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EES-2 Climate Team: Going Global with Climate Research
The U.S. Department of Energy’s Atmospheric Radiation (ARM) Program is making global climate research a reality for scientists worldwide with a new and flexible instrument platform for conducting atmospheric experiments lasting from 6 to 18 months in any environment, from the cold of the Arctic to the heat of the tropics. The new ARM Mobile Facility (AMF) is designed to explore science questions beyond those addressed by ARM’s permanent sites at the North Slope of Alaska, Tropical Western Pacific (TWP), and Southern Great Plains locales. With instrumentation and data systems similar to the permanent sites, the AMF is deployed to locations around the world to collect essential information about the cloudy and clear atmospheres in climatically important regions that are currently under sampled.
Since March 12, 2005, the AMF has been operating at Point Reyes, CA as part of Marine Stratus, Radiation, Aerosol, and Drizzle (MASRAD) field campaign in collaboration with the U.S. Office of Naval Research and DOE’s Aerosol Science Program. The objective of the intensive operation period is to make observations of cloud-aerosol interactions and to improve understanding of cloud organization often associated with patches of drizzle. To help fill in information gaps in the existing limited surveys of marine stratus microphysical structure, the AMF contributes significantly to the scientific objectives of this project by providing state-of-the-art active and passive remote sensors to measure the detailed microphysical structure of drizzle patches and the associated clouds as they move onshore. Marine stratus clouds are known to be susceptible to the byproducts of fossil fuel consumption, a multi-agency climate change priority.
A suite of radiometers take measurements of downwelling solar, infrared, and ultraviolet irradiances.
As marine stratus clouds move inland, this microwave radiometer, atop one of the AMF instrument shelters, measures the microwave emissions of the vapor and liquid water molecules in the atmosphere at specific frequencies.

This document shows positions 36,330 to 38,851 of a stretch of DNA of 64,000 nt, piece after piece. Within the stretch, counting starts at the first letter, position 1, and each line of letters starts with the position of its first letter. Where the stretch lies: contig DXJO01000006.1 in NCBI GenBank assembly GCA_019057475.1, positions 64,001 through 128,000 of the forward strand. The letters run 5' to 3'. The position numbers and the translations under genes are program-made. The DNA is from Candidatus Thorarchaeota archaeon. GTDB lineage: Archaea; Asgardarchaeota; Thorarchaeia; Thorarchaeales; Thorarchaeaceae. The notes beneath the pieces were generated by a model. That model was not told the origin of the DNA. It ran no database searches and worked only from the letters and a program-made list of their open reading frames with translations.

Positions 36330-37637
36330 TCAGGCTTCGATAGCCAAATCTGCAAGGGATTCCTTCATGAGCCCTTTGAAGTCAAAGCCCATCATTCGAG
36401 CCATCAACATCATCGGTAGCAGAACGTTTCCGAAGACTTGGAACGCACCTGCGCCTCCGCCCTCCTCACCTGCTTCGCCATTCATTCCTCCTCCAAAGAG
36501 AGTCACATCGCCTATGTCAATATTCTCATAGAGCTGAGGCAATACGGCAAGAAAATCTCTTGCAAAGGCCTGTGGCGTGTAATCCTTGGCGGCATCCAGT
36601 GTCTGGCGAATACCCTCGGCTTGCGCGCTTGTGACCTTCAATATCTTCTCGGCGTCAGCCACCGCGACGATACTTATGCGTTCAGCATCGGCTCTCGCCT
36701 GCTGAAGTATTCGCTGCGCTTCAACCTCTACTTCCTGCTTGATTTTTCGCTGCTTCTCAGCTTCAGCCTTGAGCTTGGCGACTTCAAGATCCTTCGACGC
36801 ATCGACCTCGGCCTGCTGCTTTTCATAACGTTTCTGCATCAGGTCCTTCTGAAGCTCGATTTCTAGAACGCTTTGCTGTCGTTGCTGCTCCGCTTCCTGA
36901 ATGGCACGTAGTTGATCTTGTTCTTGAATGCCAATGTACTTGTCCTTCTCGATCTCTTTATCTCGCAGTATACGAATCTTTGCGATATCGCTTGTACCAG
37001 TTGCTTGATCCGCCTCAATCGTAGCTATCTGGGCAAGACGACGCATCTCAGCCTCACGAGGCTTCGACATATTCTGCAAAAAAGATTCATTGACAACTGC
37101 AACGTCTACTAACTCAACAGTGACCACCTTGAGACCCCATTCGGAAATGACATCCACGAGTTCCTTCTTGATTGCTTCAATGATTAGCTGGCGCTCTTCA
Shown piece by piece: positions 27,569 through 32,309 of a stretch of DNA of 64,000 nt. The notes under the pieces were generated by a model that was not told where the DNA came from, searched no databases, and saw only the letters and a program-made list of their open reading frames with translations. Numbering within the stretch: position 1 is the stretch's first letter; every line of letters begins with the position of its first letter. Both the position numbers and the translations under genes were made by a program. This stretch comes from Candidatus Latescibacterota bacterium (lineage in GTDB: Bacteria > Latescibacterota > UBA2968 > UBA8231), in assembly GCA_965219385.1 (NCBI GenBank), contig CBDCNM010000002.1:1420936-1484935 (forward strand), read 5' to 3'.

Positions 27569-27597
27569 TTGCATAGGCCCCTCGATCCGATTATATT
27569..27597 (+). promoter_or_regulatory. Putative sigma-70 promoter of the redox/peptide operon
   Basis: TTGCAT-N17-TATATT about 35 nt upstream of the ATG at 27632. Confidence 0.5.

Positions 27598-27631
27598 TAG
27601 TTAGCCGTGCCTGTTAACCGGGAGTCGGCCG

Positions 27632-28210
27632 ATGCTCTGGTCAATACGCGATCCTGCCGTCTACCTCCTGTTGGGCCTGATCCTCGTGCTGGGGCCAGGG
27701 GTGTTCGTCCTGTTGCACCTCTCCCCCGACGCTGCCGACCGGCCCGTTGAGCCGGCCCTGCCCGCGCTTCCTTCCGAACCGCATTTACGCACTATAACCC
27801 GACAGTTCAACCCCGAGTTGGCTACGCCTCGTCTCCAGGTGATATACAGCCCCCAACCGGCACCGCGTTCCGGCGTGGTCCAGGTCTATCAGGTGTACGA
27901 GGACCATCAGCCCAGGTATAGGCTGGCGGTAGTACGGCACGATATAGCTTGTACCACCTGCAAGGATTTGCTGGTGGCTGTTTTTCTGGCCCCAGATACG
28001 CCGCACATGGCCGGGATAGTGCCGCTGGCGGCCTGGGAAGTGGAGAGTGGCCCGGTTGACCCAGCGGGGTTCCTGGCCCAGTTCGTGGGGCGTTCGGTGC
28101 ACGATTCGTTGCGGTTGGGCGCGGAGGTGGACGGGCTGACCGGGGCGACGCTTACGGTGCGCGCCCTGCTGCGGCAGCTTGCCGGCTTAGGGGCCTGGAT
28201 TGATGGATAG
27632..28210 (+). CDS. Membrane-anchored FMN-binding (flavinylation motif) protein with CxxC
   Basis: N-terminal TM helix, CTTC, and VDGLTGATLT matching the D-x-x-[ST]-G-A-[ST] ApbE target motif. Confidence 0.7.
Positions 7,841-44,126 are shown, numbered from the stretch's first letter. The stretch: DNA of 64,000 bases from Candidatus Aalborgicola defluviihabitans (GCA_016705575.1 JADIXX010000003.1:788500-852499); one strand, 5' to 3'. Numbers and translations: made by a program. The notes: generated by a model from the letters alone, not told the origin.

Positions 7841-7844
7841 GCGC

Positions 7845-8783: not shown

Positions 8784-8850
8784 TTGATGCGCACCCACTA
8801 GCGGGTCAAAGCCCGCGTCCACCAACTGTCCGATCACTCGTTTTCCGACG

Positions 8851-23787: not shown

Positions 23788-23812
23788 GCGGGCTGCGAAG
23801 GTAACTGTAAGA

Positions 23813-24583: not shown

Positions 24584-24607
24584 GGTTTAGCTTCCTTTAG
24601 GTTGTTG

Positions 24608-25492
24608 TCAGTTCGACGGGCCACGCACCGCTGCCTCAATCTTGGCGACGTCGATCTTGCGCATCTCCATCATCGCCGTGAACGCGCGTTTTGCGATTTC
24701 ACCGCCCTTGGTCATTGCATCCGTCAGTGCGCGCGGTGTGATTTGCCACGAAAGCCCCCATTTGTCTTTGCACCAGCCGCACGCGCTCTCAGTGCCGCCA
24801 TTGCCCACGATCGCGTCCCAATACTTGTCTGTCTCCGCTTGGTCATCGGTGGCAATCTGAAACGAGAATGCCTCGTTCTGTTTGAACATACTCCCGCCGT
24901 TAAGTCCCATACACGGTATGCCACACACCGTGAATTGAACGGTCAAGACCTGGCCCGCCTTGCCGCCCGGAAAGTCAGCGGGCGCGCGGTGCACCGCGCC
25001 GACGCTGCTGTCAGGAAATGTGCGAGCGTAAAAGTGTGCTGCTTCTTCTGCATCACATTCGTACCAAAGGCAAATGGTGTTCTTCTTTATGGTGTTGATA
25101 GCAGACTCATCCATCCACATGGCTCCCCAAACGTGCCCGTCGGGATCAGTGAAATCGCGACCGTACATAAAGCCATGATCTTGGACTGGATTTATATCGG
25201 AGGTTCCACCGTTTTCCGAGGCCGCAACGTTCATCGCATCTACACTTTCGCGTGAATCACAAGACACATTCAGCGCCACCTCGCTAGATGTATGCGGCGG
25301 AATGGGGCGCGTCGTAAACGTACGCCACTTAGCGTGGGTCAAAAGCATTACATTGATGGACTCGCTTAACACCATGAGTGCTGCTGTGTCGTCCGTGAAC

The TWP/AMF Management Office at Los Alamos National Laboratory (EES-2) is responsible for executing each deployment of the AMF and maintaining full operation of the facility throughout the 6 to 18-month duration. The engineering, logistics, and daily maintenance of the AMF is carried out by an experienced team of LANL scientists, engineers, technicians and business affiliates who have gained their expertise by operating the ARM research facilities in Manus, Papua New Guinea, Republic of Nauru, and Darwin, Australia. While simultaneously maintaining the TWP sites and preparing to conclude operations at Point Reyes, the TWP/AMF Management Office is already looking ahead to 2006 with plans for the AMF’s next deployment in Niamey, Niger, Africa.
Niamey is the next destination of the AMF, where it will join the Radiative Divergence Using AMF, GERB and AMMA Stations (RADAGAST) field campaign. As part of this intensive operation period, the AMF will be deployed beneath the Geostationary Earth Radiation Budget (GERB) instrument on the Meteosat satellite. The deployment will be timed to coincide with the field phases of the African Monsoon Multidisciplinary Analysis (AMMA) experiment, in which extensive airborne and surface measurements will be made in the region of the deployment site. This will enable the first direct measurements of the divergence of solar and thermal radiation across the atmosphere in this region, combined with measurements of the corresponding atmospheric structure, using the temporal sampling necessary to address fundamental questions related to radiative forcing of climate.
In 2006 the AMF will be deployed to this site at Niamey, the capital of Niger, in Africa.
Meteorological staff at the Niamey airport launch a weather balloon.
Los Alamos National Laboratory is one of several laboratory partners contributing to the overall mission of the ARM Program. The EES-2 team at LANL was selected to manage the mobile facility because of their level of expertise and success at operating the TWP sites over the past 10 years. For more information about the AMF and to find out about future deployments, visit the ARM web site at www.arm.gov.
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